Photos from the conference in my gallery (note that these were taken with my compact, so the quality may not be ideal).
The Duomo in Milan
I needed a few days to recover from the long and intense Seventh European Congress of Analytic Philosophy in Milan. A huge conference: something like 350 talks in eight parallel sessions over six days. I lost count as to how many talks I saw, even though I had to skip a good few just to keep myself moderately sane. With hindsight I even have some regrets for going for the whole conference, as many people seemed to just arrive for a few days (to give their own talk…). Then again, I do feel that if one expects an audience for one’s own talk, then it’s only polite to try to attend as many talks as possible, at least if they are of some interest. I did see some good, interesting talks. Many of them by people I knew from previous conferences — and it was great to see so many familiar faces — but some new faces too. I attended the previous ECAP conference in Krakow three years ago as well. Krakow was somehow a nicer place for it, because the smaller city was absolutely full of philosophers — in Milan we got too scattered.
Coffee break at the University of Milan
The conference was rather expensive, so you’d expect everything to run smoothly. Well, the basic organization did, except that 20+10min is too short for a talk and there were no breaks between talks, which made it difficult to move between parallel sessions. I found that we hardly got value for money: the conference was divided into two main venues, San Raffaele University and the University of Milan, the first of which is anything but convenient to reach, as it’s quite far from the centre. At San Raffaele there are hardly any services, it felt almost like having a conference at an airport hotel or something. At least they had organized us access to some computers, but we didn’t get wi-fi. In this day and age people will have to check their e-mails during a week-long conference! The conference dinner doesn’t even deserve a comment. I knew it would not be worth 60 euros, but the quality of the food wouldn’t even justify a six euro bill. Besides, even though I had designated myself as vegan, they actually tried to serve me ham. All this was emphasized by the fact that the previous night I had an excellent dinner at one of the few vegan restaurants in Milan for quarter of the price of the conference dinner. Oh well, it was a social event…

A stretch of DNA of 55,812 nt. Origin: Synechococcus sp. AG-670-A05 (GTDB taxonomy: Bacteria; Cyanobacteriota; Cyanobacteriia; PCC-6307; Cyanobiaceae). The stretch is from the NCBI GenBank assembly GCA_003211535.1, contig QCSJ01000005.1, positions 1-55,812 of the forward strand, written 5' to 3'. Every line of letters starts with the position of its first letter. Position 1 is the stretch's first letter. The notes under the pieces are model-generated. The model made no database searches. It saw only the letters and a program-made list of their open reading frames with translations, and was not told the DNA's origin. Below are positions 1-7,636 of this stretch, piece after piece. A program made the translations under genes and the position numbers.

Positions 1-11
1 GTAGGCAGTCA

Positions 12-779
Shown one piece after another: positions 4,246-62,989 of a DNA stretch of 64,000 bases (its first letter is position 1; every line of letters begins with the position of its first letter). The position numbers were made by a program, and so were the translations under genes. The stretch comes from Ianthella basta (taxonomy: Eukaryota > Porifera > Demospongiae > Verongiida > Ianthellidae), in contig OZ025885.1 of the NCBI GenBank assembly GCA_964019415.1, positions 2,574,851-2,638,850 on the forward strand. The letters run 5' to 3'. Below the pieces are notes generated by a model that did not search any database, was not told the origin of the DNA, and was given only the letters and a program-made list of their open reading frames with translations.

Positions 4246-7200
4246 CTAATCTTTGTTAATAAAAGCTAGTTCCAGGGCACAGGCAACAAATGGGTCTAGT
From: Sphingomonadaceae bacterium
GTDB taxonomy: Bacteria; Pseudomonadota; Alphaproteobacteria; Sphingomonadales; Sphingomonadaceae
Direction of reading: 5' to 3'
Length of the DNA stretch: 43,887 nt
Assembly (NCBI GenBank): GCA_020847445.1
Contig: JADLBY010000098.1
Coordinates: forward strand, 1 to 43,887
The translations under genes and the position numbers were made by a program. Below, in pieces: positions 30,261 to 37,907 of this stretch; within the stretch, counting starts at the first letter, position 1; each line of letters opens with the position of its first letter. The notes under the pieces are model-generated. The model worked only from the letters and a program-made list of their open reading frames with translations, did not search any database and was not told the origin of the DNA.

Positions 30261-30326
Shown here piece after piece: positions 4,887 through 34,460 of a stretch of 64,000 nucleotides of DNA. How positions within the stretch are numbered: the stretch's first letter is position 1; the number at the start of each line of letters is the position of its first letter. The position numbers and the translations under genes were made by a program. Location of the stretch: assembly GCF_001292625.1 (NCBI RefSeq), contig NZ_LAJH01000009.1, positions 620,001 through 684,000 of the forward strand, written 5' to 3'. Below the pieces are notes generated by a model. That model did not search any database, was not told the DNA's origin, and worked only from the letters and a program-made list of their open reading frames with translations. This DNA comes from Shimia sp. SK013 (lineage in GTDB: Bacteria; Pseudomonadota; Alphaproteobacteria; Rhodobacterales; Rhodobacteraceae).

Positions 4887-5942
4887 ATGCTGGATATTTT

Anyway, on to some philosophical content. Of the invited speakers, I was most interested in Kevin Mulligan’s and Tim Crane’s talks. Mulligan talked about the different varieties of ‘because’, and the talk was interesting, but it did seem more like a survey. I think this is because he didn’t have so much time to explain his own suggestion. Some great examples though, and he gave a good explanation of the *essential because* and the *because of essence*, the two varieties that are of most interest to me. In this connection it’s worth mentioning that there is a CUP volume edited by Fabrice Correia and Benjamin Schnieder on non-causal explanation which is forthcoming (maybe late next year?).
Tim Crane talked about (what he called) psychologism. Not about logic, but (as I understood) about intentionality. The talk was very well presented and I recall being convinced about the thesis, but unfortunately it was the last talk on a very long day and I have to admit that I was nearly asleep. Not because of the presentation, mind you, in fact it was one of the most fluent talks at the conference. Well, it was good to see Tim&Kati in any case!
I’m just going to pick a few of the submitted talks that I saw and enjoyed the most. As it happens, they’re all young metaphysicians (who you should keep your eye on). Call it my unofficial top 4 (in the order of presentation):
- Robert Michels: Wordly Indeterminacy and Modality
I met Robert, who is currently with the eidos group in Geneva (which I’ve visited previously), at the Scott Soames workshop in Cologne last year, where we both gave a talk. At ECAP 7 he developed an interesting account of how to handle worldly indeterminacy (i.e. vagueness) so that it doesn’t cause problems for alethic modality. The talk was a bit technical and I don’t think I got everything out of it in the short time that was available, but you will hear about Robert Michels I think! He’s got a paper on Soames’ critique of the 2D framework forthcoming in Phil Studies.
- Matteo Morganti: On Science and Metaphysics